Kufuor did not kill Ya Na – Rawlings backtracks-read more

Former President Jerry John Rawlings has made a dramatic turnaround on the murder of the late Ya Na Yakubu Andani II.
The former President has absolved his successor, John Agyekum Kufuor and the Abudus as brains behind the heinous mur­der in contrast to his previously held position.
“I don’t think Kufuor or the Abudus were the killers of the Ya Na,” he said in faltering Twi on Wednesday in Kwahu, the Eastern Region.
Jerry John Rawlings never lost a moment to denigrate his succes­sor as being responsible for the murder of the Dagbon Overlord anytime he had an opportunity to address an audience.
The revision therefore jolted those who heard him, especially on a number of radio stations, including Oman FM and Adom FM.
He was addressing an audi­ence during the funeral of the Omanhene of the Kwahu Tradi­tional Area, Daasebre Akuamoah Boateng last Wednesday at Abene in the Eastern Region.
Cocktail of Issues
The former President’s address was characteristically a cocktail of issues, sometimes incoherent, spanning an allegation of how a soldier was ordered to assassinate him and two, Generals—Brig Joseph Nunoo-Mensah and the late Rear Admiral Owusu Ansah, a former Navy Commander—dur­ing the 2008 campaign, to the mur­der of the Dagbon Overlord.
He recalled asking the chiefs during a durbar in the Upper East Region whether they would bring pressure to bear upon President John Mahama, an indigene of the north, to probe the murder of the Ya Na.
“Will you ask President John Mahama to probe the murder of the late Ya Na or you would just pamper him and allow the status quo to remain until he runs out his tenure?” he asked.
Arrests
According to Mr Rawlings, two persons were arrested over the murder of the Ya Na but these per­sons feigned madness in the court­room. “They feigned madness and asked in the courtroom whether indeed the Ya Na had been mur­dered. They threatened to mention names and were eventually released,” he alleged.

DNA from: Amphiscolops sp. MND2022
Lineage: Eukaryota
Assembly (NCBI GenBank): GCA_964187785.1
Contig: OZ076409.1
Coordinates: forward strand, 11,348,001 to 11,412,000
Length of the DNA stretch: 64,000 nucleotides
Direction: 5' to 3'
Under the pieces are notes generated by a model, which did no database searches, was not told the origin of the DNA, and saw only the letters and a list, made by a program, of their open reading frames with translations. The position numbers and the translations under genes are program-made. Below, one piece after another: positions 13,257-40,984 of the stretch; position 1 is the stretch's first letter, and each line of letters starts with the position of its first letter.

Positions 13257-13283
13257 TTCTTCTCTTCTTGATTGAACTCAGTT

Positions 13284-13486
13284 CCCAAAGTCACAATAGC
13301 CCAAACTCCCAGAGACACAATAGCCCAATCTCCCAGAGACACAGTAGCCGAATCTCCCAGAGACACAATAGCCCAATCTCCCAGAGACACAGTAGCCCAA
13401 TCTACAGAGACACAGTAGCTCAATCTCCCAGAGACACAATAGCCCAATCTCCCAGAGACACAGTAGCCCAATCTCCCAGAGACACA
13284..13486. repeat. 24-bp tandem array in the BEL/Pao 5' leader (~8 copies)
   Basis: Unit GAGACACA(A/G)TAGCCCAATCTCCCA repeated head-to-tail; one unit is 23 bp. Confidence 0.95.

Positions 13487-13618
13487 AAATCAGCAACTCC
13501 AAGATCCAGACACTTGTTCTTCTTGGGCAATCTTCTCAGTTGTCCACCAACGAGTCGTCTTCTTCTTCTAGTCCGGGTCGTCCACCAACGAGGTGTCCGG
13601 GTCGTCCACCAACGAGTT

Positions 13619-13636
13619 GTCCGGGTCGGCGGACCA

On his allegation that a soldier was sent to come and assassinate him, Brig Nunno-Mensah and the then Navy Commander he said, “A soldier was sent to assassinate me and two Generals during the campaign of 2008.”
The soldier, he said, was arrested and detained in the guardroom awaiting the outcome of the elections.
“When the results were out the then President Mills said he was not interested in detentions and suspicions and so the soldier was released,” he said.
Continuing he said, “The sol­dier came to me and said that he had been asked not to disclose details of the matter. We remained in that situation and Mills eventu­ally passed away.
“Then the man from the north became president, I mean John Mahama. Your brother the Tamale man from the north we expected would have delved into the mat­ter, being a man from the north. I waited, waited and waited but nothing happened,” he said.
Nunoo-Mensah Denial
When Brig Nunoo-Mensah, the man Rawlings claimed was target­ed for assassination was contacted yesterday on Adom Fm about the allegation, he denied knowledge of such a plot.
Surprise
Former Minister of State in the Interior Ministry during the Kufuor administration, Nana Obiri Boahen, expressed surprise at the disclosures from Jerry Rawlings, denying also a plot to assassinate him (Rawlings).
Nana Obiri Boahen said there are certain aspects of the Wuaku Commission of Enquiry in camera sitting he would restrain himself from disclosing which as he put it, would not be charitable to Rawl­ings. “I respect the ethics of my profession and would not do that,” he said, adding that he was restraining himself from passing certain comments out of deference for the former president’s spouse and children.
Wuaku Commission
Jerry John Rawlings had for a long time trumpeted his knowl­edge of the killers of the late Over­lord, yet when the Wuaku Com­mission sat his evidence strangely did not come let alone play any role in determining the outcome of the procedures.
Nana Obiri Boahen, a private legal practitioner, expressed dis­quiet about Rawlings’ constant ref­erence to the late King’s murder because die action lacks deference to the deceased and Dagombas. He posed a rhetoric question during the radio programme to which he was invited thus, “Would Rawl­ings have continued to make such references were the deceased his relative?”
Rawlings rounded up his speech with an admonition on democracy when he said, “If we want to enjoy our democracy we should see the importance and preservation of human life.”
For someone who presided over a junta which ordered the execution of eight military officers- the first in the history of the country – Rawlings talking about the preservation of human life came under uncontrollable and scathing criticisms on a cross-sec­tion of radio stations.
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